This written ministerial statement was laid on 13 December 2011 in the House of Commons by Theresa May and in the House of Lords by Lord Henley.
On 18 July, I informed the House that I was asking Her Majesty’s Inspectorate of Constabulary (HMIC) to consider instances of undue influence, inappropriate contractual arrangements and other abuses of power in police relationships with the media and other parties and to make recommendations as to what needs to be done. I am pleased to tell the House that HMIC have concluded their review and have today published their report: Without fear or favour: a review of police relationships.
The integrity of the men and women who work in the police service of England and Wales is critical to public trust in policing. Real or perceived conflicts of interest dent that trust and make policing by consent more difficult. The vast majority of police officers behave appropriately and conscientiously and I welcome HMIC’s conclusion that corruption is not endemic in the police service. HMIC do however identify a range of integrity issues on which the service is neither robust enough nor consistent in its approach. HMIC found that police force and authority leaders have, on the whole, failed to grasp the importance of integrity and are therefore insufficiently compelling in setting the values and standards that should apply across all aspects of policing, as well as in setting a personal example to their staff.
Where forces and authorities get this right and police officers and staff operate to the highest standards of integrity. It is because of the presence of strong and effective leadership by example, setting both the direction and the tone. I want all forces and authorities to recognise this and to aspire to the standards of the best. I welcome HMIC’s work and accept the recommendations they have made. It is now time for all police service leaders to work together urgently and constructively to agree and apply a coherent set of national standards of integrity and behaviour for police officers and staff.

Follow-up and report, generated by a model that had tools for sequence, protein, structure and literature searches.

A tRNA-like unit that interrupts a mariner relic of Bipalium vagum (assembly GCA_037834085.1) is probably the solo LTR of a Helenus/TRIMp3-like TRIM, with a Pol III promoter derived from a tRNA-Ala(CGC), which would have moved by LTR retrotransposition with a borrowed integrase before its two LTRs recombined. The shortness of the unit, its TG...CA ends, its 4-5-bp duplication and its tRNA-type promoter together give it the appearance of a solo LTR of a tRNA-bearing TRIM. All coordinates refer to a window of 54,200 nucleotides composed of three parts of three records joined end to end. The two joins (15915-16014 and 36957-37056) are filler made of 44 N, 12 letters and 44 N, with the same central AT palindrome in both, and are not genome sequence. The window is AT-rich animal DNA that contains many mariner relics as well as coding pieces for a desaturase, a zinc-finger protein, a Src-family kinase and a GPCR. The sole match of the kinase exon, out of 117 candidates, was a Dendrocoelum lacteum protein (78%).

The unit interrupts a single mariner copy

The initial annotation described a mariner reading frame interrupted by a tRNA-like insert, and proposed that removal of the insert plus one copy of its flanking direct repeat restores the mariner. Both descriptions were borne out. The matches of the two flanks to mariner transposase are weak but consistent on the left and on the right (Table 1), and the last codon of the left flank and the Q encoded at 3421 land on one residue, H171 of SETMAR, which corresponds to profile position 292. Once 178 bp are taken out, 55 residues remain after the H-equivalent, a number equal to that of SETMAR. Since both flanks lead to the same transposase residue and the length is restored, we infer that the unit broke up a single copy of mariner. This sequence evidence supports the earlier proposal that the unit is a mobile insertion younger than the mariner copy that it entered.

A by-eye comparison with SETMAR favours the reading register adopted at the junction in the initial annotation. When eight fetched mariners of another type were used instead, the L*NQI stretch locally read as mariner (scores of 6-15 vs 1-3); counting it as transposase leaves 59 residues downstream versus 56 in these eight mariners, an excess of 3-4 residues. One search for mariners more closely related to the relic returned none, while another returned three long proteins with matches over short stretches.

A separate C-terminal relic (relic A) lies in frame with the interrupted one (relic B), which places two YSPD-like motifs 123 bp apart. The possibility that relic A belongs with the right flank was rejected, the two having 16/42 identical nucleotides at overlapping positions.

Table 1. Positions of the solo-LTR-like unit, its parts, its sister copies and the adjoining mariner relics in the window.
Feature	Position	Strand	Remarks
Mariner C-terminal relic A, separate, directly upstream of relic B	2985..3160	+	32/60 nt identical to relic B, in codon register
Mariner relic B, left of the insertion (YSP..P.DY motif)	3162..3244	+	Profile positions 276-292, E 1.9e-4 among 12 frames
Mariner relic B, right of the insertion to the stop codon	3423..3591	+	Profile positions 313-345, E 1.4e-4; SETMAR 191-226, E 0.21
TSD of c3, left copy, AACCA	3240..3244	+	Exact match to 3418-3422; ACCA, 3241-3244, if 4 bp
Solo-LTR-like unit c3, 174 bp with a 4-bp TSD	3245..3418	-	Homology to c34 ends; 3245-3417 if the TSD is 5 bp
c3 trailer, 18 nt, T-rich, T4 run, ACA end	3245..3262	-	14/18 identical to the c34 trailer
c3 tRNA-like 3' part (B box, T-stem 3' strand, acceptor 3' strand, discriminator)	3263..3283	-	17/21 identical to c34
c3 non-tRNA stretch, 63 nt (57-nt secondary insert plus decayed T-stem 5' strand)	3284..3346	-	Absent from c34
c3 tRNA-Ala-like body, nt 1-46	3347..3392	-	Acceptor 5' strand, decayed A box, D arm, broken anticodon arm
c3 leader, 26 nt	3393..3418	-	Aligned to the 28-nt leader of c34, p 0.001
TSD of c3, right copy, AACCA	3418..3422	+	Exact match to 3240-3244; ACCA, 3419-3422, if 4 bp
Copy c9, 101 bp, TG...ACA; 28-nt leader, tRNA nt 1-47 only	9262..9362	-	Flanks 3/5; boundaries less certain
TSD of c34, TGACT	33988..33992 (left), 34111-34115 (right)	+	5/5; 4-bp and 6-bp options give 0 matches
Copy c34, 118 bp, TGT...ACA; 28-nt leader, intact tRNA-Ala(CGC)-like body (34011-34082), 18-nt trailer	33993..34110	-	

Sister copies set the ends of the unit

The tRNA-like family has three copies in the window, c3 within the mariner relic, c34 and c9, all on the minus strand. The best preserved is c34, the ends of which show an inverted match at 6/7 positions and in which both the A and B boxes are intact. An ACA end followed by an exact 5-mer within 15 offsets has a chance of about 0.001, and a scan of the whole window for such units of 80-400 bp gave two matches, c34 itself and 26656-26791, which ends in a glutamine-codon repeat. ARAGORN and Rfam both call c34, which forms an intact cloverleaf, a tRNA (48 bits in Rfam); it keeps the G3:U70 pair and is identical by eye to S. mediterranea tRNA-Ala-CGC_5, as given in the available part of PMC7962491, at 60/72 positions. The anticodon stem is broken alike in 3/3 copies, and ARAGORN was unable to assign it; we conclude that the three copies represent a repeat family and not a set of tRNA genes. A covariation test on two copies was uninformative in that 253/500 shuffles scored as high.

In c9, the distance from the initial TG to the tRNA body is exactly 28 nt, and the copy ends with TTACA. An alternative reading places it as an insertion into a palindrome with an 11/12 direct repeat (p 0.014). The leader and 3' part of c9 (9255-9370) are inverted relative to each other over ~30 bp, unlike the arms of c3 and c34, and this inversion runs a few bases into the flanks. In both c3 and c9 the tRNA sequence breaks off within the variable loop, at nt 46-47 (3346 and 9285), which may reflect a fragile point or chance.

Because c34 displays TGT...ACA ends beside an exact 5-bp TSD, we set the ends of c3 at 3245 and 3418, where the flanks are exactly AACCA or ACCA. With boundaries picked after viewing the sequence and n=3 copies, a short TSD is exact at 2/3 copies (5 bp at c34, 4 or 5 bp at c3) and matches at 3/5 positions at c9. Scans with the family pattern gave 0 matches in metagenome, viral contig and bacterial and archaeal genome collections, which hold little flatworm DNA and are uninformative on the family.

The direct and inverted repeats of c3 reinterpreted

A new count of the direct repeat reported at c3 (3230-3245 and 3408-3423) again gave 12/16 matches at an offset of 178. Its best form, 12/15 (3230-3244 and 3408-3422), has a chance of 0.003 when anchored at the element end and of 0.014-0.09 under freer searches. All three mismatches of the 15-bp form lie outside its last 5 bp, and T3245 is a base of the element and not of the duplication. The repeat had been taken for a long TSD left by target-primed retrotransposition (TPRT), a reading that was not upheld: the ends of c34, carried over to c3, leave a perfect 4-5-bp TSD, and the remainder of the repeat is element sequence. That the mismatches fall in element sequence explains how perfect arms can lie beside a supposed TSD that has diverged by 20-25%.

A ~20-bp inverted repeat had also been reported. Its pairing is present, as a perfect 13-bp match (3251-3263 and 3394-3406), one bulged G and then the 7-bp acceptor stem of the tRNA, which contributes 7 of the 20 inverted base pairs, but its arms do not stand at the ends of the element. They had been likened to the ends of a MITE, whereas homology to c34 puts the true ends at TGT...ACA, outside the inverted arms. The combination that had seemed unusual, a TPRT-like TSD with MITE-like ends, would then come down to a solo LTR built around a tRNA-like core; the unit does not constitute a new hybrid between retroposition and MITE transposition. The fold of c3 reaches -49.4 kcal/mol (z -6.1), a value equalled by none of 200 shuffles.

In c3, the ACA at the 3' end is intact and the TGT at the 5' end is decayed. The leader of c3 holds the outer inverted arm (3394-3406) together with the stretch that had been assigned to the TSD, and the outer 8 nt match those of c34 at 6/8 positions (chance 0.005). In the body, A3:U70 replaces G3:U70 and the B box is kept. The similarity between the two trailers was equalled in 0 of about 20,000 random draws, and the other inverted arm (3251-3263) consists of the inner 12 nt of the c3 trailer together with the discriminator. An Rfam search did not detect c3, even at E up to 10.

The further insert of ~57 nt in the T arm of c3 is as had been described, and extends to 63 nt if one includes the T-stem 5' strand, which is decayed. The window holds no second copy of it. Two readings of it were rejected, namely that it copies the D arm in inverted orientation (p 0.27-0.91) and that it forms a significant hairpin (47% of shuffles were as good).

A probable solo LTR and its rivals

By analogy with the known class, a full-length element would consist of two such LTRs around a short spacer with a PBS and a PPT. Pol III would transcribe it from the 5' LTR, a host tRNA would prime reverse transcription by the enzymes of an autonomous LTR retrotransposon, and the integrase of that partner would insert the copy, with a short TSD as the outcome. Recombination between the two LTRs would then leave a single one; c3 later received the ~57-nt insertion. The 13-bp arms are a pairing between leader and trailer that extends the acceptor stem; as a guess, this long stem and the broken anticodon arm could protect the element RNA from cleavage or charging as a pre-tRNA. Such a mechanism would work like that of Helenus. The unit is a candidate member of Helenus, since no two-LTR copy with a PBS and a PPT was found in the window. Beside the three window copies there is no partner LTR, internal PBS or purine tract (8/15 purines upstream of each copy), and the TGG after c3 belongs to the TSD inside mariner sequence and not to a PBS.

HMIC’s findings will be supplemented in the next few months by the work that Elizabeth Filkin has been undertaking in the Metropolitan Police Service and by the view of the Independent Police Complaints Commission as to whether there are further powers necessary to enhance their ability to be able to hold the police service to account. The Serious Organised Crime Agency (SOCA) will also be concluding a review next summer into the extent of corruption by organised criminals operating in the public and private sectors, including recommendations for addressing this. The police service’s leaders should draw on these, as well as the findings that will emerge next year from the inquiry being led by Lord Justice Leveson. The standards they set need to give the public confidence in the integrity of those who police their communities, and the service’s leaders themselves. I will expect a clear set of proposals to be ready for wider consultation by Spring 2012.
To support police leaders in this, the government has been consulting on establishing a national professional body for policing, the scope of which I intend to say more on to this House shortly. This is in addition to legislating to make the inspectorate itself more robust, better equipped to act and to shine an expert light on policing.
I intend to accept the offer made by HMIC to revisit these issues next October. In doing so, they will be able to offer the public, and the police and crime commissioners who will be elected in November 2012, a clear view as to the effectiveness of the service’s leadership on these matters, as well as the progress made towards both operating, and being clearly seen to operate, to the highest standards of integrity.
Tuesday, 13 December 2011
Date: Tue Dec 13 12:03:15 GMT 2011